Microsoft Debuts Machine Learning To Optimize Content, Ads, Ecommerce

Microsoft Research has been working on building technology that analyzes site visitor's behaviors to optimizes content, pricing and ad serving in real-time. It learns from the actions that visitors take on the Web site to personalize recommendations and news.

The technology will change the way advertisers and publishers think about optimization.

The platform, Decision Service, uses machine learning to make choices on the content to serve in real-time by quickly integrating and processing new data from clicks and views. It optimizes based on the end metric marketers preset in the system, such as increasing click-through rates or purchases, rather than accuracy or precision recall.

LiHong Li, senior researcher at Microsoft Research, and Gal Oshri, program manager at Microsoft Research, speaking at the Bing Ads Next event in Redmond, Washington walked through how the platform works.



An ongoing test with MSN in which the editorial team chooses about 20 articles and their rankings shows how data from views and clicks funneled into the platform in near real time produces a revised optimization model every five minutes. It led to nearly a 27% lift in click through rate and improved the overall engagement with the page, having an indirect outcome by increasing advertising clicks by 9%.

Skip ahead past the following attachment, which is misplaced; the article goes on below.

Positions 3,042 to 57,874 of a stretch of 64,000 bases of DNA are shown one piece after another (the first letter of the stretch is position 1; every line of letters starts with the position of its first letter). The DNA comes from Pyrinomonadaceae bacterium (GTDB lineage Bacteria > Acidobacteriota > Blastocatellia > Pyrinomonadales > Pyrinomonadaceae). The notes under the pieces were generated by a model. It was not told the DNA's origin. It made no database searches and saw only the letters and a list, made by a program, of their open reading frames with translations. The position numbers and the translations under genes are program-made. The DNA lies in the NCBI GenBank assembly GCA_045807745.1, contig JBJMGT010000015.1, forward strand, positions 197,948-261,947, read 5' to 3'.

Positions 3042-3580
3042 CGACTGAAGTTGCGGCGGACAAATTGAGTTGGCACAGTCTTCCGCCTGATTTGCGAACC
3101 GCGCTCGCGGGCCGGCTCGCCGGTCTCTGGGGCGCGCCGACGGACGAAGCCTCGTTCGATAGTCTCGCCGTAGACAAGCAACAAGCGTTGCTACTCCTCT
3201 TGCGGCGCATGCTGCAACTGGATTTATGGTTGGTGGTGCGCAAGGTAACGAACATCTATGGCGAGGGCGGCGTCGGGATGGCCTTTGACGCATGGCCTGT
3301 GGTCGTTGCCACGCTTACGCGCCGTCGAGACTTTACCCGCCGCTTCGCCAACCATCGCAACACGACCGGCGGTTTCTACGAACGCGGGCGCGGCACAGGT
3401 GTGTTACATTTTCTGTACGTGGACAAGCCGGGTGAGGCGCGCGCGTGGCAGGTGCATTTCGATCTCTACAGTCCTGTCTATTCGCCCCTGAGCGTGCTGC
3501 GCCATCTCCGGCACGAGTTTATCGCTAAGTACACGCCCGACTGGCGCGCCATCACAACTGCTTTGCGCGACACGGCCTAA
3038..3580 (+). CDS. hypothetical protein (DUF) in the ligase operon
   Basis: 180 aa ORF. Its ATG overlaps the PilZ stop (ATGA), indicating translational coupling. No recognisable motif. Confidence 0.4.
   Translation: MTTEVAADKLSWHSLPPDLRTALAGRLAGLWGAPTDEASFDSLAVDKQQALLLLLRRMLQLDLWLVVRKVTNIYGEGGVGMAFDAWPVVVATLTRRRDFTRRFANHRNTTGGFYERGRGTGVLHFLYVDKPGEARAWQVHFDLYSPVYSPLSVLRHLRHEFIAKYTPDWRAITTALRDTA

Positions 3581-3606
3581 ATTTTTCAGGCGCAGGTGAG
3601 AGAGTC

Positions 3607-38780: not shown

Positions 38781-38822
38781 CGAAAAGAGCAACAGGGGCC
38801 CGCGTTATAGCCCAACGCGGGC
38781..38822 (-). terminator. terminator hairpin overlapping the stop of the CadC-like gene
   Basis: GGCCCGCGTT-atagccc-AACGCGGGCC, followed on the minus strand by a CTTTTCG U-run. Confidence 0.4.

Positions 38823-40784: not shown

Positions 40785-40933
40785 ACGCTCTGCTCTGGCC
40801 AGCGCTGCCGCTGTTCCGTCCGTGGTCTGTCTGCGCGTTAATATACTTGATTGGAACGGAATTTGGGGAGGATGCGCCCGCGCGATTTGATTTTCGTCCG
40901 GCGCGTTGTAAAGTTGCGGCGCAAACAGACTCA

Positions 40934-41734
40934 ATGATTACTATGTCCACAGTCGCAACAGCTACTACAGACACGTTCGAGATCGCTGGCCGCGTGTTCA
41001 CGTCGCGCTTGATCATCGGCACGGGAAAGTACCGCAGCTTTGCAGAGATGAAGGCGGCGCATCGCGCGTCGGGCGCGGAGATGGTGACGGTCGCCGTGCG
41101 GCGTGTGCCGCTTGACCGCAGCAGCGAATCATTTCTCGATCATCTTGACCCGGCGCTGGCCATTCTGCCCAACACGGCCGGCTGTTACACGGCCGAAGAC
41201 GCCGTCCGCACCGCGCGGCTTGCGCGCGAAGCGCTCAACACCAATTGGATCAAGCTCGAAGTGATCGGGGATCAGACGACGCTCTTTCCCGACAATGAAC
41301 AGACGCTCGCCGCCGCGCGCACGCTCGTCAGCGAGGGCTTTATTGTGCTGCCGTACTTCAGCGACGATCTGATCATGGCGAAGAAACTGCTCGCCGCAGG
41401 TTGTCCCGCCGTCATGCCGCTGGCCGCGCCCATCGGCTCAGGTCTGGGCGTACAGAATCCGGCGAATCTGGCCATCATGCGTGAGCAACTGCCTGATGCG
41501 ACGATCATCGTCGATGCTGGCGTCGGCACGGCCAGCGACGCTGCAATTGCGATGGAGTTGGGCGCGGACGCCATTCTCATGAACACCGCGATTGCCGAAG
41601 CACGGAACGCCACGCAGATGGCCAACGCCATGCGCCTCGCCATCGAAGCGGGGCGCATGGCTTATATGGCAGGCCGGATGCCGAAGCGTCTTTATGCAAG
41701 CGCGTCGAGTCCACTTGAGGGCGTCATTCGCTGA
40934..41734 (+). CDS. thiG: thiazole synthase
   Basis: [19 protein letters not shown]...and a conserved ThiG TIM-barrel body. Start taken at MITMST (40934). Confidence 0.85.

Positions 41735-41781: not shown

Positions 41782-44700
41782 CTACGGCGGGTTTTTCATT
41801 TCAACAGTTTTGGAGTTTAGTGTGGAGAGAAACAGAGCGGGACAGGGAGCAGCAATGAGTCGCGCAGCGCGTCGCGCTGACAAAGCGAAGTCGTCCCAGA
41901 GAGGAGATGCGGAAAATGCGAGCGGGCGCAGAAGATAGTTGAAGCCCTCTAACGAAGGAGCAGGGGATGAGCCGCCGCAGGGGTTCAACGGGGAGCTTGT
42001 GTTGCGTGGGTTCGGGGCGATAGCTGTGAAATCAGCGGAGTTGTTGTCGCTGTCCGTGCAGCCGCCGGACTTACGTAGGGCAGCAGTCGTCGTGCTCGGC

The research and data behind the modeling creates an unbiased evaluation, solving many of the problems behind traditional machine learning in real-time scenarios, Oshri said. "This is important for applications like News, because when a new story gets published you need to react quickly. A breaking news story can become less popular in less than an hour."

The same can be done for ecommerce sites. In one instance that led to a 38% increase in revenue per click the company monitored visits, clicks and purchase through a banner advertisement.

The technology can potentially "site hope" in which the platform optimizes for content, advertisements, and pricing for the same visitor.

The research group, which published a paper on the topic, also tested the platform with a media Web site to recommend videos at the bottom of article pages. There hasn't been any tests optimizing programmatic TV, but researchers say it's possible.

In one test, Microsoft doesn't choose the ads the visitor sees initially, but rather what they see after clicking on the ad, he said. The optimization comes on the second click where the Decision Service chooses the event based on the data.  

Privacy also plays a role. Each application of the platform gets customized per publisher, advertiser, or ecommerce site. The user data remains in their respective systems and not shared with other systems. The user information is stored by the application not Decision Service. 

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